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Boehner and the “Anti-War President”

Politicoreports on some of the Speaker’s recent comments:

Speaker John Boehner called President Barack Obama an “anti-war president,” and said the world is “starving for American leadership.”

I briefly criticized this on Twitter earlier. As I thought more about it, it occurred to me that Boehner’s remarks include almost everything wrong with the way Republican hawks talk and think about foreign policy. We have the obsession with ill-defined “leadership” as some sort of cure-all. Boehner assures us that if America “leads,” “our allies in the region would be tickled to death and would be happy to join a coalition.” It doesn’t seem to occur to Boehner that our so-called “allies” are not doing very much to contribute to a coalition effort because the U.S. is already offering to do almost all of the work at our expense for them. Then there are the dishonest misrepresentations of past or current policy. Obama is anything but an “anti-war president.” His record of starting two unnecessary wars and escalating a third should make clear. That doesn’t include the strikes that Obama has ordered in many other countries. When Boehner calls Obama an “anti-war president,” he is obviously lying, but he is also making clear that under his definition of leadership the U.S. ought to be fighting even more wars more aggressively than it already is.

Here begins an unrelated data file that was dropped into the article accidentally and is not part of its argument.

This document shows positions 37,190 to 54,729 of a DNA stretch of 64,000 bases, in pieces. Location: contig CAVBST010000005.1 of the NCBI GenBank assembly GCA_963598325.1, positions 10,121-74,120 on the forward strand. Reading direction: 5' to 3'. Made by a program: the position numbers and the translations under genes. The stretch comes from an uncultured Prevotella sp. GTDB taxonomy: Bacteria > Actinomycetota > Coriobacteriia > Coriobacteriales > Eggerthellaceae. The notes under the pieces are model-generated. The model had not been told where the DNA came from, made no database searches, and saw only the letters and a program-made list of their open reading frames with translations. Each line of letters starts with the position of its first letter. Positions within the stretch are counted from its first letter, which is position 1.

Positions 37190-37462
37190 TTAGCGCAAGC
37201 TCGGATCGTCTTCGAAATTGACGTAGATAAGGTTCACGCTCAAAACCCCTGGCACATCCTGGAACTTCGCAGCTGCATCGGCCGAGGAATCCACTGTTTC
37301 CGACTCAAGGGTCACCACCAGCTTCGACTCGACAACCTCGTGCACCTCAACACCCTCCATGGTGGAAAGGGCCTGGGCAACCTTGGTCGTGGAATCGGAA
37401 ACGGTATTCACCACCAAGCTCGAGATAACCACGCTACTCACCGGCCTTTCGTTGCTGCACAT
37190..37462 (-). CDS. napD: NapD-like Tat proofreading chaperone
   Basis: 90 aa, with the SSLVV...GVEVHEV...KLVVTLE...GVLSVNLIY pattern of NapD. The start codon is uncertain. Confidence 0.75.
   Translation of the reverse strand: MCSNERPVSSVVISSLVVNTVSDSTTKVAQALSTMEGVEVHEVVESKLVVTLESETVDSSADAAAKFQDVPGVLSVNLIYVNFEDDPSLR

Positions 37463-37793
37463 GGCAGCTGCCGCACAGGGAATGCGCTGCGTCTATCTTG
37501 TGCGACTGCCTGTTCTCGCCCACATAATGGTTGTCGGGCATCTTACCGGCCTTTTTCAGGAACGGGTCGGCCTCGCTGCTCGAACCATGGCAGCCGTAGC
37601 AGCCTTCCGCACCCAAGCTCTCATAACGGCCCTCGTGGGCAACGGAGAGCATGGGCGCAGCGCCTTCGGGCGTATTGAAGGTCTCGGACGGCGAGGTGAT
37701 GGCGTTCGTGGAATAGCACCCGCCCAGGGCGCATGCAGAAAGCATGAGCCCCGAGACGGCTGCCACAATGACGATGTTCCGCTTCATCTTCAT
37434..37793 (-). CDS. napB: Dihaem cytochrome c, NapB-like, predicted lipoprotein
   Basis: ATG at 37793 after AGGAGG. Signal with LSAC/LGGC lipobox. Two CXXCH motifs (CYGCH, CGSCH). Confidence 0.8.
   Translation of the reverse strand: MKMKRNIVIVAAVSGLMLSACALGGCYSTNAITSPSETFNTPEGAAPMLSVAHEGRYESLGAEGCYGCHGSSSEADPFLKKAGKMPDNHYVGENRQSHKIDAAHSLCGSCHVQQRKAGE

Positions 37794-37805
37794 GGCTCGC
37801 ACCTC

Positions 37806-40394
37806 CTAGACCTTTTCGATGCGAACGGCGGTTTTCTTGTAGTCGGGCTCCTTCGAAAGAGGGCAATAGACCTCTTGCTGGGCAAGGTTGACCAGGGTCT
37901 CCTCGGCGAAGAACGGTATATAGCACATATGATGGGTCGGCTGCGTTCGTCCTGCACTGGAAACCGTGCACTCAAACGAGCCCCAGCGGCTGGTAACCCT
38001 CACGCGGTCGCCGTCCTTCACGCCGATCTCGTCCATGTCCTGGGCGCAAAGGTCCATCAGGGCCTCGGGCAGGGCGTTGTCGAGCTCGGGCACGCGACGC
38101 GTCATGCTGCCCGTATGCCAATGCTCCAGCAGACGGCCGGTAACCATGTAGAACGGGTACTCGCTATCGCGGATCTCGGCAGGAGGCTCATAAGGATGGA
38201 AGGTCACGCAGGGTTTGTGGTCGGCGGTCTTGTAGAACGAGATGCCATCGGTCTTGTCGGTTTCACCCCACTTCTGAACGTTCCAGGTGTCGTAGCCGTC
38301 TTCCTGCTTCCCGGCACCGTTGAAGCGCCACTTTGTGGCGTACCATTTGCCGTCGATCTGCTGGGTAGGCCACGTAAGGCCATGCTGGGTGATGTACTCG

We can also recognize the presumption that action should always be preferred to “sitting on the sidelines.” Boehner probably can’t imagine that the U.S. has no interest in embroiling itself more deeply in the internal conflicts of other countries. “America has to lead,” and by this he means that the U.S. has to keep joining unnecessary foreign conflicts. Finally, there is the boilerplate complaint about a lack of strategy while refusing to offer anything that might resemble one. There is nothing cheaper, easier, or less meaningful than to say that there isn’t a strategy. It might or might not be true to say that the U.S. has no coherent strategy in the region, but as criticism it is utterly useless unless the critic explains what he thinks ought to be done. This is what passes for “serious” foreign policy discourse at the highest levels of government. No wonder our foreign policy record in recent decades has been so poor.

about the author

Daniel Larison is a senior editor at TAC, where he also keeps a solo blog. He has been published in the New York Times Book Review, Dallas Morning News, World Politics Review, Politico Magazine, Orthodox Life, Front Porch Republic, The American Scene, and Culture11, and was a columnist for The Week. He holds a PhD in history from the University of Chicago, and resides in Lancaster, PA. Follow him on Twitter.

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